Don’t try to categorize Ross Rossin because he’ll fool you.
The Bulgarian-born American portrait artist’s recently completed 4-foot high portrait of King George VI was presented to Queen Elizabeth in honor of her Diamond Jubilee this year marking her 60-year reign.
The queen responded positively saying that she liked the portrait of her father and asked that it be displayed in a public place somewhere in Georgia where as many people as possible would see it.
That’s how it got to be on view at the residence of British Consul General Annabelle Malins during her annual holiday reception on Dec. 5.
Why paint King George VI now? “Well, I saw the movie,” was Mr. Rossin’s quick response to Global Atlanta’s question.
During an interview in his workshop located in his home in the Margaret Mitchell neighborhood of northwest Atlanta, he gave a more considered answer than just having seen the “King’s Speech.”
“He is the first modern monarch. You can see in his human face his compassion for those less fortunate experiencing the difficulty of the time,” he said referring to King George’s struggle to overcoming a speech impediment so that he could play an important leadership role during World War II.
“That compassion came from his own struggle… that is what is in his eyes as well as his unconditional love for family and country. And that’s why his daughter has become one of the greatest monarchs of all time.”
Mr. Rossin makes his living as a portrait painter, but many of his portraits of historical figures – and there are many – he does without a commission.
“I like the big questions,” he said. “Why are we here? What motivates my subjects?”
Corporate CEOs, partners in Atlanta’s major law firms, and esteemed judges have all commissioned Mr. Rossin to paint their portraits.
Like all of his subjects, he seeks to capture their interiors as much as their exteriors. And it puts them in exalted company, indeed.
An eclectic array of portraits hang in is studio including those of the 19th century Russian novelist Leo Tolstoy; Jacqueline Kennedy Onassis, the first lady of the U.S. from 1961-63; the actor Morgan Freeman; Baseball Hall of Famer Hank Aaron; Olusegun Obasanjo, former president of Nigeria from 1999-2007; former Atlanta mayor, U.S. congressman and U.S. ambassador to the U.N. Andrew Young and, yes, even Jesus Christ.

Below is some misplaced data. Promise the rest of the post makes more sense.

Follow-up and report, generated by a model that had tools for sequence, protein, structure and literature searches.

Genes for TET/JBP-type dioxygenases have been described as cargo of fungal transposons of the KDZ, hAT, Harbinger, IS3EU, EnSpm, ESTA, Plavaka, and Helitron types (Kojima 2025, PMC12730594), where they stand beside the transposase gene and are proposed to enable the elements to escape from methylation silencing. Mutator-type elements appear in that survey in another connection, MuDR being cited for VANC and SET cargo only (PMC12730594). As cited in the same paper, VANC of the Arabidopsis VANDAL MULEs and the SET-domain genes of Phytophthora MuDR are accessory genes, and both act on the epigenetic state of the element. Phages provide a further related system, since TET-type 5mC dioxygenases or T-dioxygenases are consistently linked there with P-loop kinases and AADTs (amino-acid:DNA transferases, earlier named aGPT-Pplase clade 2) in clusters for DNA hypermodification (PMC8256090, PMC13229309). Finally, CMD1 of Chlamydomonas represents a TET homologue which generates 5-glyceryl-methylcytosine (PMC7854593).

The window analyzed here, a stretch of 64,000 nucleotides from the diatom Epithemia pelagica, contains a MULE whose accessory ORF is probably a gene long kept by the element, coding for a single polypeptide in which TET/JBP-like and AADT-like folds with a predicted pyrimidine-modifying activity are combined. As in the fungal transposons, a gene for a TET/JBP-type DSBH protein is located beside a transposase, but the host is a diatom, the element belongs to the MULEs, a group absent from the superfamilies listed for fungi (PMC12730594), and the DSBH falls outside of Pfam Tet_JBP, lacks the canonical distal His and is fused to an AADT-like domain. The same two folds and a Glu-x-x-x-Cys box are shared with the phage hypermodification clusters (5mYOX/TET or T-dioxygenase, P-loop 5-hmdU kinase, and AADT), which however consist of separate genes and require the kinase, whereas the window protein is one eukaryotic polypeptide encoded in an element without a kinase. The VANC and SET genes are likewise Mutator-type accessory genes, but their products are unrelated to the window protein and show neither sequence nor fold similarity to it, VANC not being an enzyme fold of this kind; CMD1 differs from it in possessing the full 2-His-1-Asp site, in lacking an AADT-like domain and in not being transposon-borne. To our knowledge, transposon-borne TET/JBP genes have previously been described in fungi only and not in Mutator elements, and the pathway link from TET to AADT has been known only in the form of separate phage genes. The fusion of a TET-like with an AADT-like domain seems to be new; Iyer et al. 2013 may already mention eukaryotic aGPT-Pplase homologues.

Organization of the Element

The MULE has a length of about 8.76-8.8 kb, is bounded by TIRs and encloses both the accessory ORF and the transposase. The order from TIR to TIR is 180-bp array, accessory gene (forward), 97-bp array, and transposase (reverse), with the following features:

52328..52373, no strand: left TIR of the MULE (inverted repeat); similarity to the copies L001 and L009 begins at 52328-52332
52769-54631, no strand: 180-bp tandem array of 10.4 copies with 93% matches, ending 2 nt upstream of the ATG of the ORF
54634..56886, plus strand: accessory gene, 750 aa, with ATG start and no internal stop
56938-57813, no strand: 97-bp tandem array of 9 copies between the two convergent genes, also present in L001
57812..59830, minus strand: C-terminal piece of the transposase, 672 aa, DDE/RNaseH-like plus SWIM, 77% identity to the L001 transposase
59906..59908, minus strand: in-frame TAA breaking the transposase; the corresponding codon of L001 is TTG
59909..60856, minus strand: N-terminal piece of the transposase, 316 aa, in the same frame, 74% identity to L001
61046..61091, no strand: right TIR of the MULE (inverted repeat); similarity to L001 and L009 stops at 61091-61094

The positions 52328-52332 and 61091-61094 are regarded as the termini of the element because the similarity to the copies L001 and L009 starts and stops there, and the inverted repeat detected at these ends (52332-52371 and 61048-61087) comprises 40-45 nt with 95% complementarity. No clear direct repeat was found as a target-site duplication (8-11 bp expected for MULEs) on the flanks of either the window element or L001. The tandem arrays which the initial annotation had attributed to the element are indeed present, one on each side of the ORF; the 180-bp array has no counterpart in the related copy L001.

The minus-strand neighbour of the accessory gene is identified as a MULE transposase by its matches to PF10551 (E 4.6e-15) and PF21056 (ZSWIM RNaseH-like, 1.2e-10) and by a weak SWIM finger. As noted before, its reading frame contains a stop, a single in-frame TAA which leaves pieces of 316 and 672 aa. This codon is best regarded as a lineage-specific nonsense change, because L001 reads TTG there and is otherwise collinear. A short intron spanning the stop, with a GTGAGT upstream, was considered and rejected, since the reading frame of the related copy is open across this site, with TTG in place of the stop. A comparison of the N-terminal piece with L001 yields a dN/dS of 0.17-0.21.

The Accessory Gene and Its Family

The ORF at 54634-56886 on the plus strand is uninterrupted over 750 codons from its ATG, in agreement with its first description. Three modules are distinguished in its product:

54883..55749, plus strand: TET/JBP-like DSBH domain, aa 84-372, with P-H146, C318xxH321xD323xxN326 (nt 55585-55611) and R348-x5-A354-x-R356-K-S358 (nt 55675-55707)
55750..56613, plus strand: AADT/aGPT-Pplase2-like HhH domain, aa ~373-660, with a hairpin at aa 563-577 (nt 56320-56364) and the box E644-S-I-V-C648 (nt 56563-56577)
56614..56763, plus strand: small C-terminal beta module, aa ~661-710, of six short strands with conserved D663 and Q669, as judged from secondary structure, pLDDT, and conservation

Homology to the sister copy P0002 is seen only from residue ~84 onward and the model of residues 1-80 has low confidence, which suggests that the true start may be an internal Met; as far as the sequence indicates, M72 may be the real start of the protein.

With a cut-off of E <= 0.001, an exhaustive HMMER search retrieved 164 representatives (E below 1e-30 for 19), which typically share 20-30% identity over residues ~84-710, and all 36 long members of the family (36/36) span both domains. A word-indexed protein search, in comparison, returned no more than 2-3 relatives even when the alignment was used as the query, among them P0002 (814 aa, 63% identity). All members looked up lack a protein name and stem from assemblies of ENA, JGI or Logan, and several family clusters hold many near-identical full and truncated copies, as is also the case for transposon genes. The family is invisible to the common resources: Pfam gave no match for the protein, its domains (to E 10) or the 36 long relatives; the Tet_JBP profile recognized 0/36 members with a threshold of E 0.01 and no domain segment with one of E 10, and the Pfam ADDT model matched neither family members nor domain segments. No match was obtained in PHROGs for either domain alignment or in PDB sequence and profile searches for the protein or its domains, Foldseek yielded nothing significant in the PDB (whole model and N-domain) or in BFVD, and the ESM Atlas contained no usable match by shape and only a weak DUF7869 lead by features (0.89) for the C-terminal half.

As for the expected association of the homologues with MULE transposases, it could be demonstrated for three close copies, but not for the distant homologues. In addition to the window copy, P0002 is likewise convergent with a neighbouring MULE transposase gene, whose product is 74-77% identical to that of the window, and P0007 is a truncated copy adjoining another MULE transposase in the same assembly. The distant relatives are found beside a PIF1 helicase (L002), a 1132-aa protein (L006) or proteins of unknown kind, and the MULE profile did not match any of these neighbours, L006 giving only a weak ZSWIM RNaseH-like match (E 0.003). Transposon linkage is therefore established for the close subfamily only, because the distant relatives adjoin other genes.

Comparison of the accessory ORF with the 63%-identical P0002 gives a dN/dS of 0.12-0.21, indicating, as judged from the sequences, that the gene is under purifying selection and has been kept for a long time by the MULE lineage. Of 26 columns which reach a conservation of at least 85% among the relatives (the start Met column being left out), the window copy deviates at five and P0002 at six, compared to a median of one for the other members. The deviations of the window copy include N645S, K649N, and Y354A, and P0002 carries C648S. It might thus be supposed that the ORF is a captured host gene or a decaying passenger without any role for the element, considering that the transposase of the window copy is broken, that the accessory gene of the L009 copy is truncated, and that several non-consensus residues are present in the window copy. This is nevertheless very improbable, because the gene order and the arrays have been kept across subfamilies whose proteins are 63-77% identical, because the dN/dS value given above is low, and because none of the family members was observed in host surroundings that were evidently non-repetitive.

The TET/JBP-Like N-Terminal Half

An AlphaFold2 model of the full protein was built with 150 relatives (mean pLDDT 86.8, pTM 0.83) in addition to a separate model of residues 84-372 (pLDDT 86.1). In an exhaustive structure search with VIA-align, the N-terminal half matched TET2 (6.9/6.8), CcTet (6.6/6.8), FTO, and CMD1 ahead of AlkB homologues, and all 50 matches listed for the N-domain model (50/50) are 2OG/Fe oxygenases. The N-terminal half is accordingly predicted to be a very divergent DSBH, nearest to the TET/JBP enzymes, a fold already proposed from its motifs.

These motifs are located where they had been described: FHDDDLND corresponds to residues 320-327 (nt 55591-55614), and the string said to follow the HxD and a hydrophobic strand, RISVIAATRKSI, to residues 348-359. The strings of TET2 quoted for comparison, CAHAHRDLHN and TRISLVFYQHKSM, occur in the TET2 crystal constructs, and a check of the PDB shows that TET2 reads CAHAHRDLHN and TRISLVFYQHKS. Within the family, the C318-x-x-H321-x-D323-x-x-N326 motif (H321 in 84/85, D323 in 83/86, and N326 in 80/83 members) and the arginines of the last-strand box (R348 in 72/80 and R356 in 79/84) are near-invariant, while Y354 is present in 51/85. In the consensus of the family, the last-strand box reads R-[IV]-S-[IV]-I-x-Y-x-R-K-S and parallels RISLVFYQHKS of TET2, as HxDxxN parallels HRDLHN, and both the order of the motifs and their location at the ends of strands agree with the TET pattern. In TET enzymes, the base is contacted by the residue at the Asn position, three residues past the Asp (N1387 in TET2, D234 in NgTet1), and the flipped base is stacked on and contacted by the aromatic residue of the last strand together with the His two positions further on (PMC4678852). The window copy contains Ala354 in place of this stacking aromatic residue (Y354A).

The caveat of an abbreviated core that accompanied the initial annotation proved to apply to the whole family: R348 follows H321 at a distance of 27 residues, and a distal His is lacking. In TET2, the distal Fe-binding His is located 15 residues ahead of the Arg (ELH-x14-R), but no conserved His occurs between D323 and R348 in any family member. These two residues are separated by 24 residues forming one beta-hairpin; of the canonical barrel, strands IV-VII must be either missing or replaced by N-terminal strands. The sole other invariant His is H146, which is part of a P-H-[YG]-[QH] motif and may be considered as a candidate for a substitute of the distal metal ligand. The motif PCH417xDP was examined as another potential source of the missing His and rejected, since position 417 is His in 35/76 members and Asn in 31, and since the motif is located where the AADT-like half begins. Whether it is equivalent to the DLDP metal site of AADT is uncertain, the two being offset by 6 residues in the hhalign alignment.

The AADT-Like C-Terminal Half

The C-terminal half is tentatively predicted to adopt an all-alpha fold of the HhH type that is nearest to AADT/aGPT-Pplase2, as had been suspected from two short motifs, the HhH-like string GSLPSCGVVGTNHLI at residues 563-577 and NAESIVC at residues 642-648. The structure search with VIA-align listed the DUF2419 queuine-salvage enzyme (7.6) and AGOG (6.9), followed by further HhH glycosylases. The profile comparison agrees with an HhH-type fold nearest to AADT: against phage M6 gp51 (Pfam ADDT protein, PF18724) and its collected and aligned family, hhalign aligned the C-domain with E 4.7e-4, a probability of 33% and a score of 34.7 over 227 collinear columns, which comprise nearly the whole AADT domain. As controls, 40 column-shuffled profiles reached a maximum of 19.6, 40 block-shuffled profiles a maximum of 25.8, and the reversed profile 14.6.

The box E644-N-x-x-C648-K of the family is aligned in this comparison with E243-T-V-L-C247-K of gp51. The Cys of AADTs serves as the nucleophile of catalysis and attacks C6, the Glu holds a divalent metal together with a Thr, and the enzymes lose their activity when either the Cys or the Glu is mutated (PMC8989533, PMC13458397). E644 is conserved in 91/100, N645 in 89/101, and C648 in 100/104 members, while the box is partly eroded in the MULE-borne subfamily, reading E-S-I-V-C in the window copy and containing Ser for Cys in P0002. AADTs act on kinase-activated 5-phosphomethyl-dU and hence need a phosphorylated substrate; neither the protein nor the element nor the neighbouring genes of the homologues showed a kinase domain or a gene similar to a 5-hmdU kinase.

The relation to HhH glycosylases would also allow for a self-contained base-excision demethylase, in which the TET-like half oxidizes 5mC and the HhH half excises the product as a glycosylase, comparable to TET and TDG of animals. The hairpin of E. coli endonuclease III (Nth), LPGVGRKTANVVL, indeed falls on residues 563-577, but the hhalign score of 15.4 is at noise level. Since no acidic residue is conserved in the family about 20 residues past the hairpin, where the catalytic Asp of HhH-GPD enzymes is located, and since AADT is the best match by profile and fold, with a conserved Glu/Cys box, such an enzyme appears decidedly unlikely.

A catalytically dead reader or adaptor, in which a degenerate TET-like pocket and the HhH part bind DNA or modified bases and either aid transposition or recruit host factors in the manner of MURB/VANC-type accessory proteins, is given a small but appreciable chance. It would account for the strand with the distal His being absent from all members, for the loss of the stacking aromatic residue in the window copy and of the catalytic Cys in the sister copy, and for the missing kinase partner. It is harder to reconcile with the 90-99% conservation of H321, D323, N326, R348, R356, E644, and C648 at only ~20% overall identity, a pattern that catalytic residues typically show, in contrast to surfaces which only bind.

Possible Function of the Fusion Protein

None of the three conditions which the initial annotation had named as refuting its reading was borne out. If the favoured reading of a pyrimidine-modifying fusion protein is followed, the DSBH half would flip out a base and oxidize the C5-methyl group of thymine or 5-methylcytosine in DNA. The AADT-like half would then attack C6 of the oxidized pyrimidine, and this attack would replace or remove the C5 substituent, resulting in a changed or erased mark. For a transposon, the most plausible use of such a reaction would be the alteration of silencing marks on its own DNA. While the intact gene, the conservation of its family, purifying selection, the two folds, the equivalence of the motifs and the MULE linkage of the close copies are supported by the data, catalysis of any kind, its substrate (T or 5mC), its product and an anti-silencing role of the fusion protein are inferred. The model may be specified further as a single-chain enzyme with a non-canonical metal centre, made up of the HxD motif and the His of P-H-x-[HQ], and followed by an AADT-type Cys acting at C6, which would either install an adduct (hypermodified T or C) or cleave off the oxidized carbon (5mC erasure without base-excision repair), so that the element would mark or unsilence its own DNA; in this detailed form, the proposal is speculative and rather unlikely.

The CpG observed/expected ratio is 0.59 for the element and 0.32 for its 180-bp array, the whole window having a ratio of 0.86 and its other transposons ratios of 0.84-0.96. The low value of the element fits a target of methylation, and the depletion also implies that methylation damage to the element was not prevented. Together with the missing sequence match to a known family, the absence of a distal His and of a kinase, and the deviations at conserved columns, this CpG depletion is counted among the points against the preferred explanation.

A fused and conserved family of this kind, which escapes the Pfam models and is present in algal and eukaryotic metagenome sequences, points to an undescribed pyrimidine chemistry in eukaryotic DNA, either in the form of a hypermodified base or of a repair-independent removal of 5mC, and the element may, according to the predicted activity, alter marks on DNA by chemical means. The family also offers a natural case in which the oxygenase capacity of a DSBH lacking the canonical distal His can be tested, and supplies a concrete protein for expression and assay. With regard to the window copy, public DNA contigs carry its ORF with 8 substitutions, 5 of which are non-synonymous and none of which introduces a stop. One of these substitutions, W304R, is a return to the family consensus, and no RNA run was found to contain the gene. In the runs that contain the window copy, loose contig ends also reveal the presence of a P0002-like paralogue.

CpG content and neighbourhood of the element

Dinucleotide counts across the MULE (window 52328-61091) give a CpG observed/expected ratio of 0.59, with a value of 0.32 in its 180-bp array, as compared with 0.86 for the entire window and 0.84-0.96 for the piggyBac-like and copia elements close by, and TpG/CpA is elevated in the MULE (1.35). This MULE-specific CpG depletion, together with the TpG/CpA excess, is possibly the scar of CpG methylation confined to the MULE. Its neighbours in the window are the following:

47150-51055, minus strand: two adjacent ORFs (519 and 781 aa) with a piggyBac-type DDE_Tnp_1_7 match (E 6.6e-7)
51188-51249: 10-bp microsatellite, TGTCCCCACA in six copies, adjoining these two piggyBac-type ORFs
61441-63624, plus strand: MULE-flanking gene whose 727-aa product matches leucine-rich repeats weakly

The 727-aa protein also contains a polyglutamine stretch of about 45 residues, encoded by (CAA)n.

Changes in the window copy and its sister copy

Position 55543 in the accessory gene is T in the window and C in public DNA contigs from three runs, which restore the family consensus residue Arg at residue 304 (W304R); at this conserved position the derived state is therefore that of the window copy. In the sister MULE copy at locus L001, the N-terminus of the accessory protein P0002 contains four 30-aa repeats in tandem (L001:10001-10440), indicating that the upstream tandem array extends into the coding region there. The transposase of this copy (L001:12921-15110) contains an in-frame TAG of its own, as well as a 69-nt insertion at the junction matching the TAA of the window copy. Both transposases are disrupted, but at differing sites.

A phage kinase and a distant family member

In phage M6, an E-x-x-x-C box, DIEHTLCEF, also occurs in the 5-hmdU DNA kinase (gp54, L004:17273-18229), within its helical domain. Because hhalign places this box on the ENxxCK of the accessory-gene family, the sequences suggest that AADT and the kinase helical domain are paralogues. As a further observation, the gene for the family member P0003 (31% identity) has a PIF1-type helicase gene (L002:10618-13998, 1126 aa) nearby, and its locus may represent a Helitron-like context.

These are just some of the large (often 4-foot high) portraits that keep him company, starring down from the walls of his studio.
He also is known for painting U.S. presidents. What is promoted as his masterpiece, “A Meeting in Time,” depicts the eighteen U.S. presidents of the 20th century gathered in the White House. The 13- by 20-foot work took four years to complete and currently is on view at the Booth Western Art Museum in Cartersville.
He has a fascination with U.S. presidents. Portraits of Abraham Lincoln, Ronald Reagan, Theodore Roosevelt and Jimmy Carter hang in his studio.
When asked if he had seen the actor Daniel Day-Lewis’ depiction of Mr. Lincoln in the Stephen Spielberg production, he indicated he had up to that point been too apprehensive to go.
He said that he had studied Mr. Lincoln so hard and had such an acute vision of him, he feared seeing an actor’s interpretation, no matter how skillful. That’s not to say he wouldn’t go eventually.
Now that his reputation seems based on his abilities as a large-scale realist portrait painter of modern and historical figures who provides glimpses into the souls of his subjects, who else might turn up in his portfolio?
You have been warned; he’ll fool you. Yes, there she is in all her splendor, a plastic Barbie. There are other surprises as well including a bald Britney Spears.
There also are landscapes including Atlanta businessman Virgil Williams with his family, all on horseback, at the Southern Heritage Plantation in Albany, or “Opening Day at Bear Creek” of a fox hunt featuring real estate developer Hal Barry’s Bear Creek hounds in a pastoral setting near Moreland.
Mr. Rossin took to painting as a child growing up in Russe, Bulgaria, on the Danube and his profession led him to lengthy stays in Japan and many European countries.
Although now an American citizen, he remains a loyal Bulgarian in the sense that he has a deep appreciation for the “great resilience, stubbornness and spiritual hunger” of his people.
His portrait of Vasil Levski, a national hero who sought to free the country from Ottoman rule, hangs in the presidency in Sofia, Bulgaria’s capital.
He also is proud that after many years of suffering under communism Bulgaria is a member of the European Union and has not succumbed to some of the travails plaguing Greece, Spain or Portugal economically.
He originally was granted an O-visa for his outstanding ability in the arts and a chance encounter in Washington with Karen Hudson, an art representative in Atlanta, brought him here with his family.
Having become a U.S. citizen in 2010, he considers himself a proud Georgian and is so taken with the state that he named his daughter Savannah after Georgia’s main port city.
And since he joined Rotary International in Japan, he maintained his membership after moving to Atlanta to the extent that he raised more than $170,000 for the organization’s campaign to eradicate polio by painting a portrait of its founder Paul Harris, which was auctioned off at its annual convention in 2011.